Skip to main content
eScholarship
Open Access Publications from the University of California

Chemical Tools for the Study of Lipids and Biology

  • Author(s): Rudd, Andrew
  • Advisor(s): Devaraj, Neal K
  • et al.
No data is associated with this publication.
Abstract

This dissertation will first explore methods to selectively direct proteins to phospholipid membranes. The natural mechanisms that tether proteins to membranes are typically complex, requiring multiple steps and accessory components. It would be advantageous to develop simplified methods to direct proteins of interest to phospholipid membranes in a single step. We have developed a modular method for membrane localization of proteins by using chemically modified phospholipid anchors capable of covalent attachment to O6-methylguanine DNA methyltransferase (SNAP-tag) fusion proteins. We demonstrate that photocaged lipid precursors enable light-triggered spatial and temporal control over protein localization. The anchoring system is compatible with cell-free expression, allowing for genetic targeting of proteins to lipid membranes of giant unilamellar vesicles. This technique can be used to control membrane curvature effects, similar to what has been previously observed with certain membrane-bound proteins. This work addresses a current need in synthetic biology for simplified and robust methods to control membrane localization of expressed proteins and shows promise as a general tool for protein targeting to lipid vesicles and cellular membranes.

In the second investigation, this dissertation will discuss a new method for the nonenzymatic remodeling of lipid membranes. Cell membranes have a vast repertoire of phospholipid species whose structures can be dynamically modified by enzymatic remodeling of acyl chains and polar head groups. Lipid remodeling plays important roles in membrane biology and dysregulation can lead to disease. Although there have been tremendous advances in creating artificial membranes to model the properties of native membranes, a major obstacle has been developing straightforward methods to mimic lipid membrane remodeling. Stable liposomes are typically kinetically trapped and are not prone to exchanging diacylphospholipids. An approach relies on transthioesterification/acyl shift reactions that occur spontaneously and reversibly between tertiary amides and thioesters. We demonstrate exchange and remodeling of both lipid acyl chains and head groups. Using our synthetic model system we demonstrate the ability of spontaneous phospholipid remodeling to trigger changes in vesicle spatial organization, composition, and morphology as well as recruit proteins that can affect vesicle curvature. Membranes capable of chemically exchanging lipid fragments could be used to help further understand the specific roles of lipid structure remodeling in biological membranes.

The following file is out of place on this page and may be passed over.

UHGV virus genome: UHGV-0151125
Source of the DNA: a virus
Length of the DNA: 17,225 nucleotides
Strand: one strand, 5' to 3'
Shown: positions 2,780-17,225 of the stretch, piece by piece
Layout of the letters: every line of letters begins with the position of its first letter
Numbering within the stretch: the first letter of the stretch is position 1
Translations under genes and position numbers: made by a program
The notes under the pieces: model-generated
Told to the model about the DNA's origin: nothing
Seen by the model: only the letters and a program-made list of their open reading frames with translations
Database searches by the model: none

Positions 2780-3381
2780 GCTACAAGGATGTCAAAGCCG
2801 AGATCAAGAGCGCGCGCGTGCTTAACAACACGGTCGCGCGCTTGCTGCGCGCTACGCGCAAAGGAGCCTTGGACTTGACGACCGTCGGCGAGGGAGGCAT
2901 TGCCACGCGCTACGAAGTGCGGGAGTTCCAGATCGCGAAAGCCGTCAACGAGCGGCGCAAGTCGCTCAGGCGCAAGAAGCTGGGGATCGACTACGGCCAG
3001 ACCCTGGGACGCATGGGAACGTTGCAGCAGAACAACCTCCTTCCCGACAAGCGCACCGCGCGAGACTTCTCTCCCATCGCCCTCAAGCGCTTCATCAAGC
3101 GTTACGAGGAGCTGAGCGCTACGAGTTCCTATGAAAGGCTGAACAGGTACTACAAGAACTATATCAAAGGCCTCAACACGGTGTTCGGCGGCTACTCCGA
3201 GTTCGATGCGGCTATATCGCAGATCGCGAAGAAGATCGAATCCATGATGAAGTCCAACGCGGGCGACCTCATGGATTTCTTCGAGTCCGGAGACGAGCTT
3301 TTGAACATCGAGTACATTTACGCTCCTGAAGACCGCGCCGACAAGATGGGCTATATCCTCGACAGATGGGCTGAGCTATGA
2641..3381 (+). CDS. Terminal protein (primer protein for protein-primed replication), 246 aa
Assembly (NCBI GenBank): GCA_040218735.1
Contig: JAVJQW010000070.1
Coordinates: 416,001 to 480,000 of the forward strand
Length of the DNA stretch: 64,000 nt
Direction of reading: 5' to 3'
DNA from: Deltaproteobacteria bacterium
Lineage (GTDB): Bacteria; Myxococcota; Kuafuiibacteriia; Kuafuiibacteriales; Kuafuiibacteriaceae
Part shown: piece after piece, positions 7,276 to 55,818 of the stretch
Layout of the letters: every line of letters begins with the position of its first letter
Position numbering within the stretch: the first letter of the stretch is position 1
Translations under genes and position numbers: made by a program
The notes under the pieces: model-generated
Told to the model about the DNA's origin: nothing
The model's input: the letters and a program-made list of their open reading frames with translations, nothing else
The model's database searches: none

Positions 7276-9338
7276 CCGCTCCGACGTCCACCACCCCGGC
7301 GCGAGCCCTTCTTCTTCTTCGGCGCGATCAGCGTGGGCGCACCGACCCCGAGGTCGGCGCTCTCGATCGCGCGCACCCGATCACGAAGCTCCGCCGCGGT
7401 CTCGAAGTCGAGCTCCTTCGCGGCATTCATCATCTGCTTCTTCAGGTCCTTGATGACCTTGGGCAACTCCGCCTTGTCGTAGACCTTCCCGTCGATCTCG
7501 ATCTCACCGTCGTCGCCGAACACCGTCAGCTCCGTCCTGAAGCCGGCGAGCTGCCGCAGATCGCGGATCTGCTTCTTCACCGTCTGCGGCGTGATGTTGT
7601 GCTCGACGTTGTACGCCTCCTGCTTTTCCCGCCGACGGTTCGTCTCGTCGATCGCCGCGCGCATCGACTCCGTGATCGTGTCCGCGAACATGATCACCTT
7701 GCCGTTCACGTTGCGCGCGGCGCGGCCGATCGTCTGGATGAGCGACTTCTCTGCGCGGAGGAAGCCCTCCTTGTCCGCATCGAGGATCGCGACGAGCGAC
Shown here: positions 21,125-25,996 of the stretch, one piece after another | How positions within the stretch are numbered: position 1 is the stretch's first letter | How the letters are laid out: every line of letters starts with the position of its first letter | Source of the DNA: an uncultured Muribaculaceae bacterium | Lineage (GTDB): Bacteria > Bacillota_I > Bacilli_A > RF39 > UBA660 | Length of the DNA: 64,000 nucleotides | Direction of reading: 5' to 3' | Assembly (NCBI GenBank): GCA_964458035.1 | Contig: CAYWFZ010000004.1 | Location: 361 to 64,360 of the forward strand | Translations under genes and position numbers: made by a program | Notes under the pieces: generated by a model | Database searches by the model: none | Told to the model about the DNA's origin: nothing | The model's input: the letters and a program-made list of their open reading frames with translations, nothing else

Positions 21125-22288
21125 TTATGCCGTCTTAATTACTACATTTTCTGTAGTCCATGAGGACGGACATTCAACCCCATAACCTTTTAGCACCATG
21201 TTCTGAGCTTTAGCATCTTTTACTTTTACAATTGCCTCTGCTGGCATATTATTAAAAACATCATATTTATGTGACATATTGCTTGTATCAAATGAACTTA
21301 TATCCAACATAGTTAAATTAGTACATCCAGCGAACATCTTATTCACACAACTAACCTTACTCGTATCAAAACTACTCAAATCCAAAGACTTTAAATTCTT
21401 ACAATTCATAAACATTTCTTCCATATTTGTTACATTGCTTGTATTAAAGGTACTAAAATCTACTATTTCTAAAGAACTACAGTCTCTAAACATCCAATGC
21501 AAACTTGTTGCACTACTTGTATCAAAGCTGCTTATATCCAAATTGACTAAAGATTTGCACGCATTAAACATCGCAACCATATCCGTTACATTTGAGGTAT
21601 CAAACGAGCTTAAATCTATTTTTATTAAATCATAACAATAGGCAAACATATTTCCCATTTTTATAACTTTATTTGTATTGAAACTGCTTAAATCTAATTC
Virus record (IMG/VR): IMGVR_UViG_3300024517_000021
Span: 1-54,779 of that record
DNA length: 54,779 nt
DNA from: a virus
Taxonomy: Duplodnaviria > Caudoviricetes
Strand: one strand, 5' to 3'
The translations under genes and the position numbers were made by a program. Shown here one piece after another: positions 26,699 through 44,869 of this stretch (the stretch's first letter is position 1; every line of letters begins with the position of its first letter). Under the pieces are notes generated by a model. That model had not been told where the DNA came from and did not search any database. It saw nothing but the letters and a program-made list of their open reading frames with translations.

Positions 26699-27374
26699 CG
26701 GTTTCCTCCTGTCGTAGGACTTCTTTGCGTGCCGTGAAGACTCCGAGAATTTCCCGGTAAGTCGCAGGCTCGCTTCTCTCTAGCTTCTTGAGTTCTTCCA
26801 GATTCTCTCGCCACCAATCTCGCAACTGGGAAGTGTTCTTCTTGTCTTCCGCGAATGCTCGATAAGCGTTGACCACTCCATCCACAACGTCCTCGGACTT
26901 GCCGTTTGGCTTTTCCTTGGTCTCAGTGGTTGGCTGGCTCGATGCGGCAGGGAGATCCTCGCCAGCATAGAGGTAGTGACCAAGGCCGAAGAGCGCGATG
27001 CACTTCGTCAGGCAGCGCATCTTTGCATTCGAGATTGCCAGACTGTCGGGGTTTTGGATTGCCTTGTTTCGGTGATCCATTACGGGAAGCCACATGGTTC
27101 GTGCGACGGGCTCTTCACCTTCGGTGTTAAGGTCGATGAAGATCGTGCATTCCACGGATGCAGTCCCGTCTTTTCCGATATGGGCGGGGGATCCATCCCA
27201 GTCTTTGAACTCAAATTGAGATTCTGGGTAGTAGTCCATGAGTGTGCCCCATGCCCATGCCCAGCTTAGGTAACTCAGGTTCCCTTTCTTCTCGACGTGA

In the third section of this dissertation, a novel approach for the in situ synthesis of natural lipids in living cells will be presented. Mammalian cells synthesize thousands of distinct lipids, yet the function of many of these lipid species is unknown. Ceramides, a class of sphingolipid, are implicated in several cell-signaling pathways but poor cell permeability and lack of selectivity in endogenous synthesis pathways have hampered direct study of their effects. Here we report a strategy that overcomes the inherent biological limitations of ceramide delivery by chemoselectively ligating lipid precursors in vivo to yield natural ceramides in a traceless manner. Using this method, we uncovered the apoptotic effects of several ceramide species and observed differences in their apoptotic activity based on acyl-chain saturation. Additionally, we demonstrate spatiotemporally controlled ceramide synthesis in live cells through photoinitiated lipid ligation. Our in situ lipid ligation approach addresses the long-standing problem of lipid-specific delivery and enables the direct study of unique ceramide species in live cells.

Finally, this dissertation will discuss the development of small molecules for the depalmitoylation of proteins in vivo. Post-translational S-palmitoylation plays a central role in protein localization, trafficking, stability, aggregation, and cell signaling. Dysregulation of palmitoylation pathways in cells can alter protein function and is the cause of several diseases. Considering the biological and clinical importance of S-palmitoylation, tools for direct, in vivo modulation of this lipid modification would be extremely valuable. Here, we describe a method for the cleavage of native S-palmitoyl groups from proteins in living cells. Using a cell permeable, cysteine-functionalized amphiphile, we demonstrate the direct depalmitoylation of cellular proteins. We show that amphiphile-mediated depalmitoylation (AMD) can effectively cleave S-palmitoyl groups from the native GTPase HRas and successfully depalmitoylate mislocalized proteins in an infantile neuronal ceroid lipofuscinosis (INCL) disease model. AMD enables direct and facile depalmitoylation of proteins in live cells and has potential therapeutic applications for diseases such as INCL, where native protein thioesterase activity is deficient.

Main Content

This item is under embargo until March 27, 2020.